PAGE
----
She said: “We had our ups, we had our downs, some days sad, a lot of happy ones, but life at NCH Bramhope was great and staff made life as family-orientated as possible.”
Now aged 75, she said if she had her life to live again, she wouldn’t change her time at NCH for anything.
Doreen added: “I always think a special friendship exists between old boys and girls. Some are still in touch with each other after all these years since leaving.”
She says she still has great respect for many members of staff, including Sister Constance, Sister Tressie, Sister Betty Harrison, and “our beloved govenor and headmaster, Mr Hodgetts”.
Peter Ashman was taken in by the NCHO as he approached his sixth birthday, after being evacuated out of London during The Blitz.
“My very first memory is of the exciting train journey from Kings Cross to Leeds,” he said, “the Otley bus to Old Pool Bank, and then walking (and being carried) up the very steep hill to the home,” he said.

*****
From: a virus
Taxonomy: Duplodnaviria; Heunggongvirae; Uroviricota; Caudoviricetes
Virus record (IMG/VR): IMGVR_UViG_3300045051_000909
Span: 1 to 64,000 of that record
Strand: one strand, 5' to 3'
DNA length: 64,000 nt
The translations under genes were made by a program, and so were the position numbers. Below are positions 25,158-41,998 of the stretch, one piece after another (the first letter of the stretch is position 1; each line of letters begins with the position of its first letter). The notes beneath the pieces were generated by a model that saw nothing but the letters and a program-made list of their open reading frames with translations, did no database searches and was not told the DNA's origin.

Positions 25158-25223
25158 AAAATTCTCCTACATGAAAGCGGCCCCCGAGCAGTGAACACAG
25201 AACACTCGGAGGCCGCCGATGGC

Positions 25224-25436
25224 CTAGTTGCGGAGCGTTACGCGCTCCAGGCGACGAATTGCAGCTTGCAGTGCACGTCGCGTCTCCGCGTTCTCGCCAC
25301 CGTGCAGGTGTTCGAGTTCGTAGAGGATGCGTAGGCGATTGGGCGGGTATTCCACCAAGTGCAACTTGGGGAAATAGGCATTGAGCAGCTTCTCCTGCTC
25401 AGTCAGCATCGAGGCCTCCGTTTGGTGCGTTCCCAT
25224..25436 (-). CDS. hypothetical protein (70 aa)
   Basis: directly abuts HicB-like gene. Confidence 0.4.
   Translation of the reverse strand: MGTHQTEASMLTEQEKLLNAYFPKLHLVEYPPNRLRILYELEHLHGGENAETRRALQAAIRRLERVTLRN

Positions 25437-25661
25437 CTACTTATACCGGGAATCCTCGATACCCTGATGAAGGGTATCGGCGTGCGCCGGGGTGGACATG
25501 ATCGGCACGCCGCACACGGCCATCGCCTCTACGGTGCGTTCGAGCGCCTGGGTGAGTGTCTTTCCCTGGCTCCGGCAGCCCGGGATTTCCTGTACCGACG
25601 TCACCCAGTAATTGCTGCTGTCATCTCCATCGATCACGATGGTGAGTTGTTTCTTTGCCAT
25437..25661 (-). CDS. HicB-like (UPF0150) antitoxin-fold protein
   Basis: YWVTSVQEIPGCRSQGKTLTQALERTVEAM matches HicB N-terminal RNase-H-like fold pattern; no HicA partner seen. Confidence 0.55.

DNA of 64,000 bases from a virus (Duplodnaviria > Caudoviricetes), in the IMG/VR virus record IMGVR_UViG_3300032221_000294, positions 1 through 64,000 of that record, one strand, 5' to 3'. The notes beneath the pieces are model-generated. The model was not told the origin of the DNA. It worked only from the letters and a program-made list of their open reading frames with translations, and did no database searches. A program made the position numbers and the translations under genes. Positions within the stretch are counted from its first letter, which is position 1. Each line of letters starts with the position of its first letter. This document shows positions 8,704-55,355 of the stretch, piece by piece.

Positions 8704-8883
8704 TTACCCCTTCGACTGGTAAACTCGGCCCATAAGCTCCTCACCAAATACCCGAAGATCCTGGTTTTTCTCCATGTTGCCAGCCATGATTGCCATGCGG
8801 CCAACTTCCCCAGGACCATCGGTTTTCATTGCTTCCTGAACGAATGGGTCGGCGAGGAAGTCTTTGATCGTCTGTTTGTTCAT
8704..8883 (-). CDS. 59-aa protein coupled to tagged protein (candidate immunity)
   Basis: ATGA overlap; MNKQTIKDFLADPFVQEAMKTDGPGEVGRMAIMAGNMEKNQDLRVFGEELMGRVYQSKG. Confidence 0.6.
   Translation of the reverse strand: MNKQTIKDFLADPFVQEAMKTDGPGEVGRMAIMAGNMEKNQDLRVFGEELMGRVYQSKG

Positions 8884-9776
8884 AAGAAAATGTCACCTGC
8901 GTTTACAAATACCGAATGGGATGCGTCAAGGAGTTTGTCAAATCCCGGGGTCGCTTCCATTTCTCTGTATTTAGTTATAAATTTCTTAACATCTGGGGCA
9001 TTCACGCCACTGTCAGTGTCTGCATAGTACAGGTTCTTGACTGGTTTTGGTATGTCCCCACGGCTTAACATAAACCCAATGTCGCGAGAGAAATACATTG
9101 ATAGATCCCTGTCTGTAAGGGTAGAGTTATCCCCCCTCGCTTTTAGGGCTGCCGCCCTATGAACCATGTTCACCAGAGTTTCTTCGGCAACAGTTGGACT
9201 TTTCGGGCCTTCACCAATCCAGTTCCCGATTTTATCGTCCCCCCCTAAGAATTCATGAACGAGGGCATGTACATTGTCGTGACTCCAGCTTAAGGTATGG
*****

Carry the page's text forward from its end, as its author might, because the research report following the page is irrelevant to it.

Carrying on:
“The home was, in effect, an almost self-contained village – the only items being brought in being clothing, meat products, confectionery and groceries. There were ten large houses, five pairs of very substantial semis, each housing some 25 children and two or three Methodist sisters.”
He remembers: “Sundays were special, in that everyone, apart from the few appointed to remain to prepare lunch, attended service in the Home’s chapel, in inclement weather, or walked crocodile-fashion down to the chapel in Bramhope village. After the walk back, and a good lunch, everyone went out for a walk around the perimeter of the central grounds – boys clockwise, girls anti-clockwise, and ‘no stopping for a chat’ – until the bell rang at 2pm This led to the mass return to houses, from where, weather permitting, groups would set out for afternoon walks around the area.”
Peter recalls that the children enjoyed a festive treat: “We received invitations to attend full dress rehearsals for all the big, local pantomimes – Alhambra, Bradford; Grand Theatre, Leeds; and the Theatre Royal, Leeds.
“They provided a very real tonic for the children, for whom most of the presents on Christmas Day were second-hand, donated by well-wishers.”